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Free agency profoundly changed professional sports long ago, but way later than it should have.
It now seems incredible pro athletes once lacked the option to leave a team for another once their contracts had expired. It was indentured servitude. Players could be traded or sold, as they can be now, but couldn’t change employers on their own.
Free agency of sorts has finally arrived in major-college athletics. Predictably, it’s disliked by a lot of people who aren’t the players.
Last week, the NCAA’s Division I Council approved undergraduate athletes in all sports being able to move freely one time without having to sit out a season. It requires ratification by the Division I Board of Directors on April 28, but that will happen.
We’ve already seen what it will look like in Division I men’s basketball in this year of transferring without penalties by the waiver given to 2020-21 athletes because of the COVID-19 pandemic. About 1,400 men’s basketball players — an average of four per team — have entered the NCAA’s transfer portal this spring.
“Allowing student-athletes a one-time opportunity to transfer and compete immediately provides a uniform, equitable and understandable approach that benefits all student-athletes,” said Council vice chair Jon Steinbrecher.
Yes, and it’s fine when you reel in a good ballplayer from another school. But when you lose a CJ Fredrick, as Iowa did this week, it stings.
It’s what happened, and it’s up to Iowa Coach Fran McCaffery and his peers to deal with it. Employees make sudden, unexpected departures in all walks of life, and employers adjust or perish. There are still good veteran guards on the open market.
What Fredrick’s farewell should do is rip off the last shred of the facade around here that major-college sports are about allegiance to a member of the sports/entertainment industry under the umbrella of the university system.
The college football and basketball teams you favor consist of independent contractors working within a framework of a team. They’re like the rest of us. They’ll always take the option that’s best for them in the present, as they should.
Fredrick wanted to come to Iowa, and did. Then, he wanted to leave. He’d have done McCaffery a favor if he’d come forward with that decision a couple weeks sooner and been more forthcoming about his future plans, but that’s a side issue.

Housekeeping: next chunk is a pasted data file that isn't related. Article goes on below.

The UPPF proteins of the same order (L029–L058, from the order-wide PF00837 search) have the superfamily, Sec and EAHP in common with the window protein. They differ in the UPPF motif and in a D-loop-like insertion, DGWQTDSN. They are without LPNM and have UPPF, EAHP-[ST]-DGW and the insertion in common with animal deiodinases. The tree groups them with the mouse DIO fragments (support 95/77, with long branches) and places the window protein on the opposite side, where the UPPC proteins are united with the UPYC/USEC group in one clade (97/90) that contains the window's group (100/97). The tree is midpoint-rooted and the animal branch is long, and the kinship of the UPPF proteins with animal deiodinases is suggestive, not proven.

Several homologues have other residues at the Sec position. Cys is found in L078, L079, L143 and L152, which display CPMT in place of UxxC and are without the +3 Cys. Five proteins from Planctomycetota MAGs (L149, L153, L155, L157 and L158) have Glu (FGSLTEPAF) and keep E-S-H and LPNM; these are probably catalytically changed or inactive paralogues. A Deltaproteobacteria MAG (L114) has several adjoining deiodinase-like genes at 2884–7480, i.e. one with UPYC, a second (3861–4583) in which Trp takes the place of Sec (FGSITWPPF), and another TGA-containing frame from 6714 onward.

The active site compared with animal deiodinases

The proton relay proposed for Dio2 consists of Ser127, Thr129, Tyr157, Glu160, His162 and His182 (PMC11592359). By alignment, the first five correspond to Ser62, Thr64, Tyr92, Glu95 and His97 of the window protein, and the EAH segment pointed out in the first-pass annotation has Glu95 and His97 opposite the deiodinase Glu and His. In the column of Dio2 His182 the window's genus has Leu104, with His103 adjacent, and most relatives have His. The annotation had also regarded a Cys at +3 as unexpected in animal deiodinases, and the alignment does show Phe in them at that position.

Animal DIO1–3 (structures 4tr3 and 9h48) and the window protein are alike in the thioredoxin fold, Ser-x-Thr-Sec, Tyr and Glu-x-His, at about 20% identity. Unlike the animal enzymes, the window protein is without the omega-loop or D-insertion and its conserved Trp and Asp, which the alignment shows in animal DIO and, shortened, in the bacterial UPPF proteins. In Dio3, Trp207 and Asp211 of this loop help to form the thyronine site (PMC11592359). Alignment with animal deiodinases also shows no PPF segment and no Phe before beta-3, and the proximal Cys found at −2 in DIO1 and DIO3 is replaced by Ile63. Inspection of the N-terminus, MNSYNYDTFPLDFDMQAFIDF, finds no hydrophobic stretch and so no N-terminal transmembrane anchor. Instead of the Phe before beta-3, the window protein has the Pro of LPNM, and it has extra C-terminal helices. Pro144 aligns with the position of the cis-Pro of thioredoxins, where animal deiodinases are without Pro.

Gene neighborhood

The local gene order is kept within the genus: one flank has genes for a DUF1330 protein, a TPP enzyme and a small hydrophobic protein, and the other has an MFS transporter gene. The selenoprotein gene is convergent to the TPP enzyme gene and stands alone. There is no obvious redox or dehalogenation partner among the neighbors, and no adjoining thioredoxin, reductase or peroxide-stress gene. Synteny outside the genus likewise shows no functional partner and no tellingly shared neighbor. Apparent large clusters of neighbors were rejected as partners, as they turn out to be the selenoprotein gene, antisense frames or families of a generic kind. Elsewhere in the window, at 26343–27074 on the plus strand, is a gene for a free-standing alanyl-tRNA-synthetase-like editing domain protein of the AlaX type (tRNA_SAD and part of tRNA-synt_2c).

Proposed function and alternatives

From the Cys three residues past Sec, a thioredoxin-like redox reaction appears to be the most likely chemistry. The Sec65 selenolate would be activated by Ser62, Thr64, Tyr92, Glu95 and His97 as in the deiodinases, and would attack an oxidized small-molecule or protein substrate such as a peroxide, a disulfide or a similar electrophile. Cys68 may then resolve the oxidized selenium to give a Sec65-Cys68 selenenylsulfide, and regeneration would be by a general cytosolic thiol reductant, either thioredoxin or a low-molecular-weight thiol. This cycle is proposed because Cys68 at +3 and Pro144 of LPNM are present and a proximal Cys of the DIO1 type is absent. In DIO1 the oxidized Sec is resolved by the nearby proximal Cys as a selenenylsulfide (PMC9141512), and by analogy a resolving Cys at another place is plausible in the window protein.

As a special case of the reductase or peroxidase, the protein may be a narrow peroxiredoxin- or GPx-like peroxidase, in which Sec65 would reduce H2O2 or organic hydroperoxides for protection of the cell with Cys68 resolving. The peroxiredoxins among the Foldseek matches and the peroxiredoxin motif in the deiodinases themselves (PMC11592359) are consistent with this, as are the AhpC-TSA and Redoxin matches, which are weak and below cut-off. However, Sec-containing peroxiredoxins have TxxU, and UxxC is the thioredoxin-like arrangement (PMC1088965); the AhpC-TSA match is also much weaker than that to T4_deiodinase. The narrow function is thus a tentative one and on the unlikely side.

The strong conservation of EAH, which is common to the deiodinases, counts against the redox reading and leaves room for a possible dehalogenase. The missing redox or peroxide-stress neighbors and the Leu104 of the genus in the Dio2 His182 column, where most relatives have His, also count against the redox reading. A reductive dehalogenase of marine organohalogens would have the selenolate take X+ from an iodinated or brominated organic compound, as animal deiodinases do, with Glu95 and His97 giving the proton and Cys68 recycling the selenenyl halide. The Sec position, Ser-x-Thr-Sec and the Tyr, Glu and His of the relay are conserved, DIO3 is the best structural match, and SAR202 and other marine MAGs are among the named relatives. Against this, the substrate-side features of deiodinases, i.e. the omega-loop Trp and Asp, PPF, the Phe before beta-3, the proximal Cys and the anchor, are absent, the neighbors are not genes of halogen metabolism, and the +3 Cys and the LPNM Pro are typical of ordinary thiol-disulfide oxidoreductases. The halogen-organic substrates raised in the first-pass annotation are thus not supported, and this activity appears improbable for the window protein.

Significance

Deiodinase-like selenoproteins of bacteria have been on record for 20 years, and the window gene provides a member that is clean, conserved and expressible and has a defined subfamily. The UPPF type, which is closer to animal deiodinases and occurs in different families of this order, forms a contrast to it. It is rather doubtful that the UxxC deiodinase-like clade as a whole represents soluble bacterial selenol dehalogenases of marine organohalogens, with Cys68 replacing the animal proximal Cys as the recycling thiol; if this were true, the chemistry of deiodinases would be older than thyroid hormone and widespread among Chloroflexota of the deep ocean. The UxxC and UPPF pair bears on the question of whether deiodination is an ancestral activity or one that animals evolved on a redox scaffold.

While Fredrick immediately has become persona non grata to many Hawkeye fans, it was interesting to see the immediate reactions from former teammates of Fredrick’s at Iowa, Tyler Cook and Ryan Kriener.
“Go show what you can do,” Kriener tweeted to Fredrick.
“Best of luck my boy!” tweeted Cook, who has worked his way to a contract with the NBA’s Detroit Pistons and scored 12 points Monday night in his first career start.
Kriener, now playing professionally in Belgium and playing quite well, spent four years with the Hawkeyes, Cook three. They have spoken warmly of their Iowa experiences and are good ambassadors for the program.
They also know that players are on their own once their college days end, so they better do what they can for themselves during those careers.
If Fredrick is convinced his future prospects are brighter should he go elsewhere, so be it. Whaddya gonna do?
"The ’me over we’ thing isn’t new,“ former Hawkeye basketball player Jarryd Cole tweeted Monday night. ”The shoe is just on the other foot now.“
Many people are hating on the transfer portal. They liked things the way they were. It’s the same thing fans felt when players started hopping around on their own in pro sports. Where’s the loyalty, many moaned. But they didn’t stop going to games.
If you don’t like cheering for players representing your school who can now leave you on a moment’s notice without sitting out a season, you can walk away. Will you, though?
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